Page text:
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Facing tough election, Britain's Cameron seeks Merkel's support for plans to change the EU

  • German Chancellor Angela Merkel, left walks with British Prime Minister David Cameron at the British Museum during Merkel's visit to the capital, in London, Wednesday, Jan. 7, 2015. The German leader is in London for talks, and Cameron is hoping she'll support his plan to keep the U.K. within a reformed European Union. (AP Photo/ Dan Kitwood, Pool)

    German Chancellor Angela Merkel, left walks with British Prime Minister David Cameron at the British Museum during Merkel's visit to the capital, in London, Wednesday, Jan. 7, 2015. The German leader is in London for talks, and Cameron is hoping she'll support his plan to keep the U.K. within a reformed European Union. (AP Photo/ Dan Kitwood, Pool)  (The Associated Press)

  • British Prime Minister David Cameron and German Chancellor Angela Merkel walk together before their meeting in 10 Downing Street, London, Wednesday, Jan. 7, 2015.  The German Chancellor is in London for one of talks. (AP Photo/Matt Dunham)

    British Prime Minister David Cameron and German Chancellor Angela Merkel walk together before their meeting in 10 Downing Street, London, Wednesday, Jan. 7, 2015. The German Chancellor is in London for one of talks. (AP Photo/Matt Dunham)  (The Associated Press)

  • German Chancellor Angela Merkel, right, speaks during a joint news conference with British Prime Minister David Cameron following their talks at 10 Downing Street, London, Wednesday, Jan. 7, 2015. Cameron and Merkel expressed their condolences and support to French President Francois Hollande after the deadly gun attack on satirical newspaper Charlie Hebdo. (AP Photo/John Stillwell, Pool)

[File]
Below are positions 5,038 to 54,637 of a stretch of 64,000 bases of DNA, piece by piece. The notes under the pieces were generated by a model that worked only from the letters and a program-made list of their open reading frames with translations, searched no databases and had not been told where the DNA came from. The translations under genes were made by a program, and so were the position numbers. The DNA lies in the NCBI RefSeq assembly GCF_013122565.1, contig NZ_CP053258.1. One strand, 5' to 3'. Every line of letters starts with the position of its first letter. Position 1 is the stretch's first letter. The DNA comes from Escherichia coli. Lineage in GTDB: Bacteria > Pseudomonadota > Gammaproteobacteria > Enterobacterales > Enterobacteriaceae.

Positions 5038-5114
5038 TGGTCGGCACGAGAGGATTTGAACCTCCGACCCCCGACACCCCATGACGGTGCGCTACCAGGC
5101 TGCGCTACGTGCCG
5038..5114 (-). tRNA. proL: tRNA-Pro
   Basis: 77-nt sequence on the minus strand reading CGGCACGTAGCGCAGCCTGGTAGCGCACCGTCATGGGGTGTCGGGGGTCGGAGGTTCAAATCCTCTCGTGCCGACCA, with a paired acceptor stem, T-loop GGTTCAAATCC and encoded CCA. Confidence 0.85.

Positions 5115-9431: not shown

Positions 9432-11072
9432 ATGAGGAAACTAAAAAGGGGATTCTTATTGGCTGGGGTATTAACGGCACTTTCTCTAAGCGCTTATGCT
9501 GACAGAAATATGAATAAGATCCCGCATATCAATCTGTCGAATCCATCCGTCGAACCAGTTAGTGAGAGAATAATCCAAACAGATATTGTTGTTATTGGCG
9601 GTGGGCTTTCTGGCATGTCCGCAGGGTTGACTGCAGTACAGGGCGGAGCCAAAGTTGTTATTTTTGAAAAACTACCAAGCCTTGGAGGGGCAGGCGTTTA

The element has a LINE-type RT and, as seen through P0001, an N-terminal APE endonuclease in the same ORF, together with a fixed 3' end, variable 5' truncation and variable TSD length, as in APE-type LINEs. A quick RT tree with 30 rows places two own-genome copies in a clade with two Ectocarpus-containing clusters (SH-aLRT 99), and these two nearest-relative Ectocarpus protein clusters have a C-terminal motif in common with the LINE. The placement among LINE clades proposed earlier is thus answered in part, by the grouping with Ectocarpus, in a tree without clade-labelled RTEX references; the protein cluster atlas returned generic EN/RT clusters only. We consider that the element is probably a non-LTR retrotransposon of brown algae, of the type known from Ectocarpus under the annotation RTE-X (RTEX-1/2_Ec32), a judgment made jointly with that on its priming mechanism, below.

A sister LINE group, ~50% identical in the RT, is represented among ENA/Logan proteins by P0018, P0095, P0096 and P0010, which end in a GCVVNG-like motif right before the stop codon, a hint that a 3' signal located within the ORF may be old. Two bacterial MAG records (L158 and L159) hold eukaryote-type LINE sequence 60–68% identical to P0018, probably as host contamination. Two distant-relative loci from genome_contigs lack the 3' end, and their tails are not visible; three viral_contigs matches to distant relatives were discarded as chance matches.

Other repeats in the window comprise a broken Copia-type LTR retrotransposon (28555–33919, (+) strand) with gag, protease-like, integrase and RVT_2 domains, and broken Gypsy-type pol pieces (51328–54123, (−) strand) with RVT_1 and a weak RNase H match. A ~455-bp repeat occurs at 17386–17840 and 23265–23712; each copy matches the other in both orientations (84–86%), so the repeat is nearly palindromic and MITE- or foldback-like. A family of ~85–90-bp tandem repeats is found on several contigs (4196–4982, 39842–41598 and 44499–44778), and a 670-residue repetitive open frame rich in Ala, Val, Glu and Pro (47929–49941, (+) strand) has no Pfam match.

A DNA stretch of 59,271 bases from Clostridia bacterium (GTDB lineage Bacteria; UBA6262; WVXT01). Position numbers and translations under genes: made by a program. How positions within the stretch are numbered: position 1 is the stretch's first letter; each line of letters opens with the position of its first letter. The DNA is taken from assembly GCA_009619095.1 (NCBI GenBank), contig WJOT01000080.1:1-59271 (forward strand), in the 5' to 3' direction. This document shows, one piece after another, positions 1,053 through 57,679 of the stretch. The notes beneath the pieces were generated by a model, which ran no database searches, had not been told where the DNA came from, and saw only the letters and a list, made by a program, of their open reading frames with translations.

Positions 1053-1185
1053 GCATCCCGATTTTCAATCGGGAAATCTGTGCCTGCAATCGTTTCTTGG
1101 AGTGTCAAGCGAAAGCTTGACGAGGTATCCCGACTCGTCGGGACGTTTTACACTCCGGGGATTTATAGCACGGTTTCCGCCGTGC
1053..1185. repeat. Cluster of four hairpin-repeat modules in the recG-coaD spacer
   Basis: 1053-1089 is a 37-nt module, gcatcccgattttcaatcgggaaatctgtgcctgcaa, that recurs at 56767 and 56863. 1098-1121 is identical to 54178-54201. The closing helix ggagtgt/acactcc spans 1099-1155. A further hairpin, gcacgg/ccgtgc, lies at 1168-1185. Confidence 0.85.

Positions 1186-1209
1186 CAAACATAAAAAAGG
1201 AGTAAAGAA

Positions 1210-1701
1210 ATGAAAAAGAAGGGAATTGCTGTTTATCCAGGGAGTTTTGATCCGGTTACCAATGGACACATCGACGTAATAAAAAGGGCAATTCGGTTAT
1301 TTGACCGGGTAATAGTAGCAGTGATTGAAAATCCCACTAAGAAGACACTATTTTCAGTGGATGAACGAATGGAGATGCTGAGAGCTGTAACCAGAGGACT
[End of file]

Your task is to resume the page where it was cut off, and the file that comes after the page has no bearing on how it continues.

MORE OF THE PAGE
German Chancellor Angela Merkel, right, speaks during a joint news conference with British Prime Minister David Cameron following their talks at 10 Downing Street, London, Wednesday, Jan. 7, 2015. Cameron and Merkel expressed their condolences and support to French President Francois Hollande after the deadly gun attack on satirical newspaper Charlie Hebdo. (AP Photo/John Stillwell, Pool)  (The Associated Press)

She has no vote in Britain, but German Chancellor Angela Merkel could be key to Prime Minister David Cameron's re-election hopes.

The German leader is in London for talks, and Cameron is hoping she'll support his plan to keep the U.K. within a reformed European Union.

With anti-EU sentiment rising, Cameron has promised a membership referendum if he wins May's election. He wants Britain to stay in the EU, but needs reforms to sell the idea to his Conservative party, and to voters.

Cameron wants Merkel's support for a plan to impose limits on movement of people within the 28-nation bloc.

Merkel, who broadly shares Cameron's center-right economic stance, has indicated she may support restrictions on benefits for migrants, but has insisted the free movement of workers is non-negotiable.